The Sony 24-70 mm 2.8 is a lens designed by Zeiss and already for sale since 2008. The blue Zeiss logo is put clearly visible on the side of the lens. The Zeiss mention and the high price ensure you expect the highest quality of this lens. Let’s see if Sony delivers.
Sony Vario-Sonnar® T* 24-70 mm/2.8 ZA SSM, @ 24 and 70 mm.
The three-times zoom range of the Sony 24-70 corresponds to a zoom range of 36-105 mm of a zoom lens on a camera with an APS-C sensor in practice.
Construction and autofocus
The Sony 24-70 mm 2.8 weighs almost a kilo. This is normal compared to similar lenses of Canon and Nikon. A great deal of glass is required for this intensity to be achieved on a camera with a full-frame sensor, for which this lens is designed.
The lens gets longer as you zoom to 70 mm. Remarkable is the AF switch on the side of the lens, which rotates in place of sliding.
The lens focuses quickly, thanks to high light intensity and the SSM (SuperSonic AF Motor), even in the dark, without hunting. Focusing is quiet but not silent.
With Sony, image stabilization takes place on the sensor instead of in the lens. This has the advantage that you can use image stabilization with all lenses (“Steady Shot,” Sony calls it) and it works well.
During the image stabilization test with a focal length of 70 mm, it showed that only at a shutter speed of 1/200 second there is no further improvement by turning on image stabilization. At 1/100 second, the effect is measurable, but not visible in practice. From 1/50 second, the improvement in sharpness becomes visible to the naked eye too thanks to the image stabilization.
The Sony Zeiss 24-70 mm lens scores perfectly in terms of vignetting. In practice, you will almost never encounter vignetting if you use this lens on a camera with an APS-C sensor.
Despite the fact that the in-camera distortion correction was turned on at the Sony A77, the jpg files of the Sony 24-70 show visible distortion, especially in wide angle. The automatic compensation of distortion in the camera apparently has no effect here (yet?). In particular at 24 mm, the distortion will be visible. Fortunately, it is easy to correct distortion with software afterwards.
The Bokeh of the Sony 24-70 mm is not bad, but also not very good. It seems a bit restless. In the example, you can assess the Bokeh and the sharpness of the plant in the foreground at 100%.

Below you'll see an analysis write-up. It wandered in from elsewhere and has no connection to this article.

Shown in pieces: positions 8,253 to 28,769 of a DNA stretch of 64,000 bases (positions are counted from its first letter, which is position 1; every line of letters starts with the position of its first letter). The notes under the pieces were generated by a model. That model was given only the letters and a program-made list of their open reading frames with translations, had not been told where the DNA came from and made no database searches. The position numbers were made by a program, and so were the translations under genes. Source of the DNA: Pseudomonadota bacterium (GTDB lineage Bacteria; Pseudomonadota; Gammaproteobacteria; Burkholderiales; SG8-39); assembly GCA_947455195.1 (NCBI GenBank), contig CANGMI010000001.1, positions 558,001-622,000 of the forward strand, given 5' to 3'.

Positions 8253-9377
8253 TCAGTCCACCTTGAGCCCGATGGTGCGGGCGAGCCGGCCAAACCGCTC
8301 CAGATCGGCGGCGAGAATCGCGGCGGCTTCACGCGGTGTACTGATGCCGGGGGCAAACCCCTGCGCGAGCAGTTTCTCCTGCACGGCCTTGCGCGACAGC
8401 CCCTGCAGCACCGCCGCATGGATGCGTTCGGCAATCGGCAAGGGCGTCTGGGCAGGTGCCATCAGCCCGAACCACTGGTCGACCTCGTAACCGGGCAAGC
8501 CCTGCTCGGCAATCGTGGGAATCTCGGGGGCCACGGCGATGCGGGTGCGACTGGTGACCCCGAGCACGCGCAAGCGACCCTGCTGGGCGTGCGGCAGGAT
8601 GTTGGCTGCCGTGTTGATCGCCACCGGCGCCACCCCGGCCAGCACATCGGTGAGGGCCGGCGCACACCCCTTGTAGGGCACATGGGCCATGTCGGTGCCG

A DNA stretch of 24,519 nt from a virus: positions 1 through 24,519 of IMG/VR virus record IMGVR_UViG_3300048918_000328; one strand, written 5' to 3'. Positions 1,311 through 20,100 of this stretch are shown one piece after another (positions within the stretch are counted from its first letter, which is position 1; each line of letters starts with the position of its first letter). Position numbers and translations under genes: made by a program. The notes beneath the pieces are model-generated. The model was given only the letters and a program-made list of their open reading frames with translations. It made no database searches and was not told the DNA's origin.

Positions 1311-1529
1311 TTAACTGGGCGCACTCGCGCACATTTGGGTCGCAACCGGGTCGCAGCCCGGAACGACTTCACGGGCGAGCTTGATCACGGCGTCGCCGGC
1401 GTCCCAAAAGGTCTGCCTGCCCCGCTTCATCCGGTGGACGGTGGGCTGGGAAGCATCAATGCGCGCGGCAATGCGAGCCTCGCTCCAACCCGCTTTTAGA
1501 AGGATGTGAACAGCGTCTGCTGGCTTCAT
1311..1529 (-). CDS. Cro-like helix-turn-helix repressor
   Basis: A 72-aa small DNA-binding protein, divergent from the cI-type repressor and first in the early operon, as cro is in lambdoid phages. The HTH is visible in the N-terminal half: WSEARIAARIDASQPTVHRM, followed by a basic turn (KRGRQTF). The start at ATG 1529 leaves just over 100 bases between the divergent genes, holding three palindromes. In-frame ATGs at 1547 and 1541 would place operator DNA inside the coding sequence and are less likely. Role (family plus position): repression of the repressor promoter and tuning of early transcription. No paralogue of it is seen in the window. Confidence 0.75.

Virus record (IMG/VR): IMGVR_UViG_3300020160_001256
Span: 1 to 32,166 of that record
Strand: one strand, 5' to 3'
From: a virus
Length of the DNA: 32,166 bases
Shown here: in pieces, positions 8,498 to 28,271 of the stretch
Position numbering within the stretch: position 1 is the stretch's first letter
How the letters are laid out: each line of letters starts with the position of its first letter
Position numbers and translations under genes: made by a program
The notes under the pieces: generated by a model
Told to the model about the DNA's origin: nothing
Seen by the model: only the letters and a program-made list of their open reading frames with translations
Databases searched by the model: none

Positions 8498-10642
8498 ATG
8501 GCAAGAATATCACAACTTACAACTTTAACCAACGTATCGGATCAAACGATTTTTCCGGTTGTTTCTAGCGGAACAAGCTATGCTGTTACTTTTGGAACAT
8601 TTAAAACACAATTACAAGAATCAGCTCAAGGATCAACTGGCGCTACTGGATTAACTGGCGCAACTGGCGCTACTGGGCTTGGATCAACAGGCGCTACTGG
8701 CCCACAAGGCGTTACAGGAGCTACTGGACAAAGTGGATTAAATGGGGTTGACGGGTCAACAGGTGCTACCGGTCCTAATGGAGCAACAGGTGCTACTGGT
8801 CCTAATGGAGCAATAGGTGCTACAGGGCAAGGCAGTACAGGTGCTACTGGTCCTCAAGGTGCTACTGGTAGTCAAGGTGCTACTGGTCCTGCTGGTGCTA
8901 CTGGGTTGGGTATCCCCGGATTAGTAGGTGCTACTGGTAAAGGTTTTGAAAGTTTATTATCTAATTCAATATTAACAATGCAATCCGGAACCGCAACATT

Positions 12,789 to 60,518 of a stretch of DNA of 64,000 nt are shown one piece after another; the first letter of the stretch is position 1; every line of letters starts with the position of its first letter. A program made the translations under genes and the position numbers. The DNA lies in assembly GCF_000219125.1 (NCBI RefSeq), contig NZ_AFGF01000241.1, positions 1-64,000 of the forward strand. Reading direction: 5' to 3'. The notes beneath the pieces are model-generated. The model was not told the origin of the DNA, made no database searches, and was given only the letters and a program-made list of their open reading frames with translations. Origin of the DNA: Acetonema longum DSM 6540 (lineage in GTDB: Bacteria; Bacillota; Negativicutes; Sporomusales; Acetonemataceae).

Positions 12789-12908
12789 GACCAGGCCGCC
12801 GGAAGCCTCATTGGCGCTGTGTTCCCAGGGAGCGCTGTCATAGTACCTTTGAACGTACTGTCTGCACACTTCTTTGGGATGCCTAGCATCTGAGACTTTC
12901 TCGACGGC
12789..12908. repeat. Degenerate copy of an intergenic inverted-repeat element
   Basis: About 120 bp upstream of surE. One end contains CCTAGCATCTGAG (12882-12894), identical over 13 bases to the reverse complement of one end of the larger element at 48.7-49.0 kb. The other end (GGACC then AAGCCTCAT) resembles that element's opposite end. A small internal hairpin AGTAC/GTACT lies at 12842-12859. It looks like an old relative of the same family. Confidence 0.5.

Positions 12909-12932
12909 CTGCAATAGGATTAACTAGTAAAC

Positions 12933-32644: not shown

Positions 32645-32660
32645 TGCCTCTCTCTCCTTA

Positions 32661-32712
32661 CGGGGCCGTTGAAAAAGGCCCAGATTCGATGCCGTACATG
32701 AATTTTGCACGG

The Sony 24-70 is not bothered much by flare if you ensure that no bright light source is shining directly into the lens and you use the lens hood. If this occurs, you can be troubled by flare, as shown in this practical example.
The resolution of jpg files created with the Sony 24-70 on a Sony A77 camera is very high at all focal lengths and apertures. That is a top performace. It is striking that the resolution of the corners is not at the ends of the zoom range (24 mm and 70 mm), but slightly remains behind the center in the middle of the zoom range (30 to 50 mm). From aperture 4, the resolution across the entire zoom range in the extreme corners does not come below the 1500 LW / PH, and in the center not below the 2000 LW / PH. This difference can not be seen with the naked eye in practice.
With this lens you will never suffer from chromatic aberration. Chromatic aberration is low at all focal lengths. Very good.
Conclusion Sony Vario-Sonnar® T* 24-70 mm F2.8 ZA SSM review
- Optical top class quality (resolution, chromatic aberration and vignetting)
- Solid as a rock
- Heavy: almost a kilo
- Visible distortion at 24 mm
- High purchase price
In terms of construction and optical qualities, such as resolution, chromatic aberration, and vignetting, this lens certainly makes worth its high price. This lens is among the finest lenses for cameras with an APS-C sensor. Distortion, especially at the ends of the zoom range, is not (yet?) corrected by the camera.